Credit Jennifer Granholm, governor from 2003-2010, who began Michigan’s renewable push with a 2008 renewable energy mandate with an eye on eliminating fossil fuels. She warned that, among other environmental calamities, the Great Lakes would dry up. That hasn’t happened. Indeed, scientists like John Christy, professor of Atmospheric Science at the University of Alabama-Huntsville who monitors global satellite temperature data, says that “if you apply the different (national) regulations, they will have no climate impact. If you eliminate the US from the face of the earth, it will have no impact on global temperature. Climate is not as sensitive to CO2 as the models say it is.”

Granholm’s zealotry has been rewarded with a promotion to Secretary of Energy where she is implementing her Michigan energy policies on a national scale.

Her Democratic successor, Governor Gretchen Whitmer, has kept the pedal to the metal. Whitmer’s Michigan Healthy Climate Plan proposes to “generate 60% of the state’s electricity from renewable resources and phase out remaining coal-fired power plants by 2030 (and) build the infrastructure necessary to support 2 million electric vehicles on Michigan roads by 2030.”


Net Zero could cost Americans more than $50 trillion, new paper warns

An eminent researcher has warned that any attempt to decarbonise the US economy by 2050 is doomed to failure.

Professor Michael Kelly, from the University of Cambridge in the UK, has previously studied the impact of Net Zero projects in the UK and his native New Zealand, and has now turned his expertise to the United States.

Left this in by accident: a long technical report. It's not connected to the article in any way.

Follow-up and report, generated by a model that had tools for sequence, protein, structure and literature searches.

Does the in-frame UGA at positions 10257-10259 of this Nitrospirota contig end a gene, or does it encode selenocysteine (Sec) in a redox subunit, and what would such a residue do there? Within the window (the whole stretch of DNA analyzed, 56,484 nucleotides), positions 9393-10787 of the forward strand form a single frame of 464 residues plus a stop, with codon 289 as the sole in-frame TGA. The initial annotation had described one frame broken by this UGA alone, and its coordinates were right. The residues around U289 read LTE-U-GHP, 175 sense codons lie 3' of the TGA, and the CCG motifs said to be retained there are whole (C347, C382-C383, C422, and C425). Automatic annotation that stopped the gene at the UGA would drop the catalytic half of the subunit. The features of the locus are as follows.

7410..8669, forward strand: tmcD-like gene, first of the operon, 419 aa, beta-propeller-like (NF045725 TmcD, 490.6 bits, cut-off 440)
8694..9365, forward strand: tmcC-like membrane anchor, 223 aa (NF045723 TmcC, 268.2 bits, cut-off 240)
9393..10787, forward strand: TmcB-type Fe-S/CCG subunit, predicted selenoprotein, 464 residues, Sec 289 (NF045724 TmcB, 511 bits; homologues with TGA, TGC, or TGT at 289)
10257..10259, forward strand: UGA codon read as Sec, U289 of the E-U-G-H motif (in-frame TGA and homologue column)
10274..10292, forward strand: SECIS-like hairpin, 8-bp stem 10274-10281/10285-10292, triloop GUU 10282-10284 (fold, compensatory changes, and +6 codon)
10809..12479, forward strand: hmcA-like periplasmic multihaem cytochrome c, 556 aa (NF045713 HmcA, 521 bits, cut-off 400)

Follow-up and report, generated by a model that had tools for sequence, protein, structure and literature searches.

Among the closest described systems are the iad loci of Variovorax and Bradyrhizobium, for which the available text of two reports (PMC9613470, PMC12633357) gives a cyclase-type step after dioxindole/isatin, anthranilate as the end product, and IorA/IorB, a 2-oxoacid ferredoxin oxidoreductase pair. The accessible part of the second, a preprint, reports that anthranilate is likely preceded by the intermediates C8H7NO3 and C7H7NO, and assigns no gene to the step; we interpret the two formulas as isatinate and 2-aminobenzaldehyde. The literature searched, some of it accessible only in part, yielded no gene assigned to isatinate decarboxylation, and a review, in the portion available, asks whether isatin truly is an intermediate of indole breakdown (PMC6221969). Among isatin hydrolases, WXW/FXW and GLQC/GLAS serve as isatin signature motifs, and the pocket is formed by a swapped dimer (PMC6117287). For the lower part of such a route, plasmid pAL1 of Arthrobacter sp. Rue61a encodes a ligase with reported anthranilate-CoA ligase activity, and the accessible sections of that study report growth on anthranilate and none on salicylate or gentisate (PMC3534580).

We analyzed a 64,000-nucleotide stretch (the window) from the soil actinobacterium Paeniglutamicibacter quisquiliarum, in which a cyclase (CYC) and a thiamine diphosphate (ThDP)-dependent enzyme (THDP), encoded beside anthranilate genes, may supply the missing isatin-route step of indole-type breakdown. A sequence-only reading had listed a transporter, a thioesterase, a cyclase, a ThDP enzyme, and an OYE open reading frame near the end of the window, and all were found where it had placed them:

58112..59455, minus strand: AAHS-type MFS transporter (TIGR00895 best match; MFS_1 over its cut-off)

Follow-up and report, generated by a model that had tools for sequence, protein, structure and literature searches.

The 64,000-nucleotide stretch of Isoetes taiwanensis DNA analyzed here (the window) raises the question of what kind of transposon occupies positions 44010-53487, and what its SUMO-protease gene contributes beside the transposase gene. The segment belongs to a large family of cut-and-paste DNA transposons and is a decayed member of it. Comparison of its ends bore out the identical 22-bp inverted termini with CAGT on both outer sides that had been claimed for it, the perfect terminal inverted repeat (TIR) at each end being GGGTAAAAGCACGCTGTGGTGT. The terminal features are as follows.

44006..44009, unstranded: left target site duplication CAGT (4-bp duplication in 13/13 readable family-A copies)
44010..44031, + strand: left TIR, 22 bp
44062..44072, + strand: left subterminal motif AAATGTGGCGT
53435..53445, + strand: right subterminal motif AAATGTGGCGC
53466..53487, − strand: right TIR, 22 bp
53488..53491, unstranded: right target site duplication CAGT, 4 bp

His headline findings are a stark warning for politicians across the country.

“The cost to 2050 will comfortably exceed $12 trillion for electrification projects, and $35 trillion for improving the energy efficiency of buildings. A work-force comparable in size to the health sector will be required for 30 years, including a doubling of the present number of electrical engineers. The bill of specialist materials is of a size that, for the USA alone, is several times the global annual production.”

Professor Kelly warns that politicians are not thinking through the scale of the project they are pursuing.

“It’s clear that no country has the manpower, the materials, or the money to deliver Net Zero. It cannot be attempted without establishing a command economy, and even then it would fail. This is a fool’s errand.”